For more information please contact Joe Knutsen at (714) 703-8070 or visit www.firstcommand.com
TTM Founder Anthony Miller received an honor award from Nuvision Credit Union and a $1,000.00 donation for Tender Touch Ministries, Inc. Read Nuvisions profile of Anthony and his work here: https://nuvisionfederal.com/blog/blog-post/memberresources/2020/11/09/anthony-miller
Click images to enlarge.
DAV is a nonprofit charity that provides a lifetime of support for veterans of all generations and their families. Helping more than 1 million veterans in positive, life-changing ways each year. Annually, DAV provides more than 600,000 rides to veterans attending medical appointments and assists veterans with well over 200,000 benefit claims. In 2019, DAV helped veterans receive more than $21 billion in earned benefits. DAV’s services are offered at no cost to all generations of veterans, their families and survivors.
Habitat for Humanity has launched a great program to help veteran families improve their living conditions by focusing efforts on health, safety, and accessibility through critical home repairs. For more information please review the PDF flyers below or visit www.habitatoc.org
Palmer Lake Recovery has published guidance on substance abuse and addiction for veterans and families of veterans.
While the entire country is facing the plague of substance abuse, this is especially true for the veteran population.
From Volunteers of America:
More than 60 of Orange County’s most seriously ill homeless people are on track to move into housing with services to help them address health issues, under a new county contract approved Tuesday.
County health officials will choose the homeless people, based on assessments of their health vulnerabilities, and they will receive housing and services through a contract with The Illumination Foundation, a nonprofit that specializes in helping homeless people move from the streets into housing with on-site support services, and then into permanent housing.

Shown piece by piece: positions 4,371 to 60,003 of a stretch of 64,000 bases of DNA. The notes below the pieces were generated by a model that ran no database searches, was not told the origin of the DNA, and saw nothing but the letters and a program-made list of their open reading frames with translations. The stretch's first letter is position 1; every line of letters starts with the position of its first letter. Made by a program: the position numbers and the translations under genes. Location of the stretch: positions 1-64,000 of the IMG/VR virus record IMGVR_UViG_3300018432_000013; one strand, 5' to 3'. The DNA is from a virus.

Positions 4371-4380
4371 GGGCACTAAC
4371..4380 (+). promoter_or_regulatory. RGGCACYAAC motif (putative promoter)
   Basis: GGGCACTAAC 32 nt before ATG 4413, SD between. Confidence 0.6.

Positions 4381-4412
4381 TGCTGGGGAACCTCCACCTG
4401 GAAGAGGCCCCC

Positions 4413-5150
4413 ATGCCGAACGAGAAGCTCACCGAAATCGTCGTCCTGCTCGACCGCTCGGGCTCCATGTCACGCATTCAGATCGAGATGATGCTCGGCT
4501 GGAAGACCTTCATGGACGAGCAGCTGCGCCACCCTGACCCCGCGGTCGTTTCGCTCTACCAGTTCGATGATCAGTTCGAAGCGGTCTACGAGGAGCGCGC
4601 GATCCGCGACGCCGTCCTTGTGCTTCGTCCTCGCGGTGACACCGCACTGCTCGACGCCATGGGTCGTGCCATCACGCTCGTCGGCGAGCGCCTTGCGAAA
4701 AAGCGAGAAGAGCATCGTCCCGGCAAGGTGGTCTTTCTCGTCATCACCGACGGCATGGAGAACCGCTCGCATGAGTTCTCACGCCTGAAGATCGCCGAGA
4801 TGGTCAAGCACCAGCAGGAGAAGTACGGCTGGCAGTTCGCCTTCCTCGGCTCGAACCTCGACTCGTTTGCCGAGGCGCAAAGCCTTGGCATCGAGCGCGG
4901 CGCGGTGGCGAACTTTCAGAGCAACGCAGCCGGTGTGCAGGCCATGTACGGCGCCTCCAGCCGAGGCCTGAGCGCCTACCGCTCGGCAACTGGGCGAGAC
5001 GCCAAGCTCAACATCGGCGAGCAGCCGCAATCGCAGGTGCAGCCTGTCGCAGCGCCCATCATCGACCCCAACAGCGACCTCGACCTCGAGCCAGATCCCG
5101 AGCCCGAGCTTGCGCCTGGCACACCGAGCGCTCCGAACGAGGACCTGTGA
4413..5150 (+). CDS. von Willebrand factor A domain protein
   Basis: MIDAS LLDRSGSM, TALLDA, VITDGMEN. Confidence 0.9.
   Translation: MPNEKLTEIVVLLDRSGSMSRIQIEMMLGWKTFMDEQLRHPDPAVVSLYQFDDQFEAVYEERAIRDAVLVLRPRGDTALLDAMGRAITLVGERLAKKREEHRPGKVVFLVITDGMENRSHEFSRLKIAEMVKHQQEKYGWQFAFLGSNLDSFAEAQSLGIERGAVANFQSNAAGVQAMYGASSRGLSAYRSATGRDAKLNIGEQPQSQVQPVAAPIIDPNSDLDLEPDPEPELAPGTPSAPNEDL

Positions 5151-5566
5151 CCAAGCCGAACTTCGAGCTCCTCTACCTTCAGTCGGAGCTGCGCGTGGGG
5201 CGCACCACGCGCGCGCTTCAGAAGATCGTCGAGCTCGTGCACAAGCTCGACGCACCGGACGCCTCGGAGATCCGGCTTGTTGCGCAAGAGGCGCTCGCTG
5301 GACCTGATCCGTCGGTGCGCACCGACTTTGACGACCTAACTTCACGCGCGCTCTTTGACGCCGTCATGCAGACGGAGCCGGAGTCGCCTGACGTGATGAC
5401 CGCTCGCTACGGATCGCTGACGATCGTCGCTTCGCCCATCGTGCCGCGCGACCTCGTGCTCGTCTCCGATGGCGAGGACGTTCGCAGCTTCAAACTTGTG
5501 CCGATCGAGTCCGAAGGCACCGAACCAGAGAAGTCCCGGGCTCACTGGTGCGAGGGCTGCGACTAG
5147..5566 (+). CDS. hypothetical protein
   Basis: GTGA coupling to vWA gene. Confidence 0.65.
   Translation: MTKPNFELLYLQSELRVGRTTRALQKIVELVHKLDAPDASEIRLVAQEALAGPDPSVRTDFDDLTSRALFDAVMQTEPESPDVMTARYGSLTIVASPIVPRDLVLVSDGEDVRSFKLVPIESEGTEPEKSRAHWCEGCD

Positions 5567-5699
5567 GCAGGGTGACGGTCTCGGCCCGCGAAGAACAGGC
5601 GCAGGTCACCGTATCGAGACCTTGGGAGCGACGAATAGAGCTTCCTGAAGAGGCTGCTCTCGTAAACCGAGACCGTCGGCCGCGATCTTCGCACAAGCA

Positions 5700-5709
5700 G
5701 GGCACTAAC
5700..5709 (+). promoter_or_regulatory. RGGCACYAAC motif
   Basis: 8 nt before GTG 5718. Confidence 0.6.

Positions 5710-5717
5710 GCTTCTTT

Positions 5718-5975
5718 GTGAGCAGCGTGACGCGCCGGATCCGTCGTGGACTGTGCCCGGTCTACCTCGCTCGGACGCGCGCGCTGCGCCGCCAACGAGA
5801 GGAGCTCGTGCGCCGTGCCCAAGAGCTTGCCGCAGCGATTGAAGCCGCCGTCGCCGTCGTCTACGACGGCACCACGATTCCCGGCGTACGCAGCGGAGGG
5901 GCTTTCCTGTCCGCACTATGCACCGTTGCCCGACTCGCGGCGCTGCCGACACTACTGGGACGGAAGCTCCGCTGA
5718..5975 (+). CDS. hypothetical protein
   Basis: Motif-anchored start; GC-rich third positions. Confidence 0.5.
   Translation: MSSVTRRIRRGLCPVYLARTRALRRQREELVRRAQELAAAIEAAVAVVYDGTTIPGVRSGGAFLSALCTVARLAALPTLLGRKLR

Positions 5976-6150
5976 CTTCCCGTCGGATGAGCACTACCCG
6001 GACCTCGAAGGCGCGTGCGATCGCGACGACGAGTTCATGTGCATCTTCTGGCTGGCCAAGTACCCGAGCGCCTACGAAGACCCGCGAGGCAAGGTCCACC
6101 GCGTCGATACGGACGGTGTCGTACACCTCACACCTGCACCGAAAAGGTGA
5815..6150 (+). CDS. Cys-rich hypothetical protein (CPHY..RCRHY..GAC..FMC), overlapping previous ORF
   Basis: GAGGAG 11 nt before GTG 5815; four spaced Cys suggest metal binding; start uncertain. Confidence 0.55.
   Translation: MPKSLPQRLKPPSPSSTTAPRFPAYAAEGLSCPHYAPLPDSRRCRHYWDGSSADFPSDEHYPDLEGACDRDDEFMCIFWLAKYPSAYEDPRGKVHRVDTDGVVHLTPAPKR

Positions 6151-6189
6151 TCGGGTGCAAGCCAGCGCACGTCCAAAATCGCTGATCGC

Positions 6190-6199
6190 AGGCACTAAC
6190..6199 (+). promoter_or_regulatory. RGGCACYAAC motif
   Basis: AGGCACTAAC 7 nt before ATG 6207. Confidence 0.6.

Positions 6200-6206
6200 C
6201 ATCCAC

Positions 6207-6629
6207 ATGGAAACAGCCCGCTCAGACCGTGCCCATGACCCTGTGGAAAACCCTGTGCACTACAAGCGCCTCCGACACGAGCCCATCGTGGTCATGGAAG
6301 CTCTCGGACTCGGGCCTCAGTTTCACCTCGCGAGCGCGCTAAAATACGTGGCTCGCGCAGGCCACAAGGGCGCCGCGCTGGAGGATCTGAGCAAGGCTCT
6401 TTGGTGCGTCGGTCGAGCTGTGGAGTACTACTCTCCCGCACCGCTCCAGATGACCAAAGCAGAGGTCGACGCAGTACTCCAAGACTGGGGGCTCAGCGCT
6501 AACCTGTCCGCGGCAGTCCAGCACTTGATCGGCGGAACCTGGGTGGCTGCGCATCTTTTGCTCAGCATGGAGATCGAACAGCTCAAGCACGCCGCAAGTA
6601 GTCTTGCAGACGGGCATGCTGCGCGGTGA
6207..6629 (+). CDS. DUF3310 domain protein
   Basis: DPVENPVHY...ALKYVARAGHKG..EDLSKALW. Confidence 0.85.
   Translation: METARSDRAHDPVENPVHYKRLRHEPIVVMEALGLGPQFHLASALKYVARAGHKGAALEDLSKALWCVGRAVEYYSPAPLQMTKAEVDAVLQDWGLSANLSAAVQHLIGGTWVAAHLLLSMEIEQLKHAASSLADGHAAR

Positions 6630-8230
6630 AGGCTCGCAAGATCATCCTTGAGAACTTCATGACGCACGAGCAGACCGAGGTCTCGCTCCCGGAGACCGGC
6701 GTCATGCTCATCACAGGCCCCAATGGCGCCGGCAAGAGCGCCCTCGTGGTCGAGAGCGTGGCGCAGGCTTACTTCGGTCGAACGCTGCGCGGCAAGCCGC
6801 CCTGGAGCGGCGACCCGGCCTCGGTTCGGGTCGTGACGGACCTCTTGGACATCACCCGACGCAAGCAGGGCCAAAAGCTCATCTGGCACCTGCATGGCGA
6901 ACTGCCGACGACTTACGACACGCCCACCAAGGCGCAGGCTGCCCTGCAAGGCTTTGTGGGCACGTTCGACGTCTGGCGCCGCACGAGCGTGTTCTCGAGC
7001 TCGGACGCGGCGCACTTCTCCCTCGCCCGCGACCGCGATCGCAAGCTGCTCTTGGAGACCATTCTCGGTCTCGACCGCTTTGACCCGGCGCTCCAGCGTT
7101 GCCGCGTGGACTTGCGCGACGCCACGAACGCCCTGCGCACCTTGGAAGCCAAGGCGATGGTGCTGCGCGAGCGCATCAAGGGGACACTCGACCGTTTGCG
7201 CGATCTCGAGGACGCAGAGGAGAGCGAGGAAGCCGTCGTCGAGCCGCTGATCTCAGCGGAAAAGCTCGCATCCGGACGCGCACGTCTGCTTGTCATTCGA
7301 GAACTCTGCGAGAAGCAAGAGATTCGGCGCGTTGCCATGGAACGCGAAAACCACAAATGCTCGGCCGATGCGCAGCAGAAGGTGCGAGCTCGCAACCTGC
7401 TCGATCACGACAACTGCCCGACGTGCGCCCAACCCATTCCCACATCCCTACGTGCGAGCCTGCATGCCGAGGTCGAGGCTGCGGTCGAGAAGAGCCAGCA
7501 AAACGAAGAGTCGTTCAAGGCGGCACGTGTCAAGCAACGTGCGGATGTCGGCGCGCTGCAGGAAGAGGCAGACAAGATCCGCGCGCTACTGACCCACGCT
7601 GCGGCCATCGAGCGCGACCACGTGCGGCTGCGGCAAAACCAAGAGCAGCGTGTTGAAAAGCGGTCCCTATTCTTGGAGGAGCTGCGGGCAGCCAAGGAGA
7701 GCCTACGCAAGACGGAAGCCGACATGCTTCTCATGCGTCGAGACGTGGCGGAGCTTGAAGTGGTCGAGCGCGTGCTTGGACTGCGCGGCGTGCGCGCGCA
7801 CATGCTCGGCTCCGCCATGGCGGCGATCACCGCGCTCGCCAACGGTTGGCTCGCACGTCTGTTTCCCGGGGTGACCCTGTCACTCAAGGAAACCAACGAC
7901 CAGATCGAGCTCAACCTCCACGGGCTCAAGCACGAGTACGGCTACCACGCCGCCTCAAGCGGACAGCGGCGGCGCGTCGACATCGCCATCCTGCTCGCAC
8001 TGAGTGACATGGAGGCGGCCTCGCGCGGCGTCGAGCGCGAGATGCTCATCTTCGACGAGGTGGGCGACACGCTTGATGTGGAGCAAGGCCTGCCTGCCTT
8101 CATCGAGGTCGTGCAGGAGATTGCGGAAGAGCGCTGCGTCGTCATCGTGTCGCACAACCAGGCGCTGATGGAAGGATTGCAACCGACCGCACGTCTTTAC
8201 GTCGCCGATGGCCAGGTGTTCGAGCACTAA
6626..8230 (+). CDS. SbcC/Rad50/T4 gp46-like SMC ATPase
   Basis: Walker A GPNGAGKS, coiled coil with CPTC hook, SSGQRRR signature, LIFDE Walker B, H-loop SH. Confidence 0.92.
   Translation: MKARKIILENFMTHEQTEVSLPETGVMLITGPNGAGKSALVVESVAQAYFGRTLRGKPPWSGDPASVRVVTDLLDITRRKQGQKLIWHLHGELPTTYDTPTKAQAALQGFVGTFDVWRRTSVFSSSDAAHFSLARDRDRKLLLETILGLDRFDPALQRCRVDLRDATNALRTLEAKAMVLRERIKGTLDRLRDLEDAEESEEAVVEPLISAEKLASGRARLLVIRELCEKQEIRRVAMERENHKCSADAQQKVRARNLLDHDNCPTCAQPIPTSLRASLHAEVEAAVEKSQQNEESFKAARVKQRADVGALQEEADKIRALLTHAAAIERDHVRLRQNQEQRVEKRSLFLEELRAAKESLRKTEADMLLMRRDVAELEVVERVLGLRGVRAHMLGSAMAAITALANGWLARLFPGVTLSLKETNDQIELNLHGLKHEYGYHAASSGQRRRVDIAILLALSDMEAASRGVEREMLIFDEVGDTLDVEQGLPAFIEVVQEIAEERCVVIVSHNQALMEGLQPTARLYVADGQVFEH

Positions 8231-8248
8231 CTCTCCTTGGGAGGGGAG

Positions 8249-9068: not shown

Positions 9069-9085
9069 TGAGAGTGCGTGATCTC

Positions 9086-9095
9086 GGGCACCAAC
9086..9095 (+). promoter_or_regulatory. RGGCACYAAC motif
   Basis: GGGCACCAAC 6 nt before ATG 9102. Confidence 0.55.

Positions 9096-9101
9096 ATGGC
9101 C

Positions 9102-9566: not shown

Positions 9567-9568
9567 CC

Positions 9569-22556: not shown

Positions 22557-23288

The goal, officials said, is to help homeless people move off the streets, stabilize their health issues, develop positive relationships with other community members, and save public money in hospital emergency services and other costs.
Health issues will include one or more physical ailments, substance addictions, or mental illnesses, officials said. On-site staff will include case managers, mental health workers, psychiatrists, therapists, housing navigators, and peer recovery counselors who have been through experiences similar to the homeless people.
The contract was approved unanimously by the Board of Supervisors Tuesday without public discussion, though they did talk about it at their April 24 meeting.
Many service members leave active duty with untreated mental and physical health issues. Five in 10 military veterans report a significant physical or mental health issue for which they are not receiving care. One in 10 veterans have considered suicide or made a plan to end their life by suicide.
Nearly eight in 10 service members leave the military without a job, expecting to quickly find meaningful employment that provides adequate remuneration once they leave the military.
Nearly a quarter of veterans in California with jobs are earning at or below the poverty level. Over three-quarters of those veterans without a job are not receiving assistance in finding a job.
At the same time, veterans also report needing time to figure out what they want to do in life once they leave the military.
Visit: https://www.voa.org for how you can assist.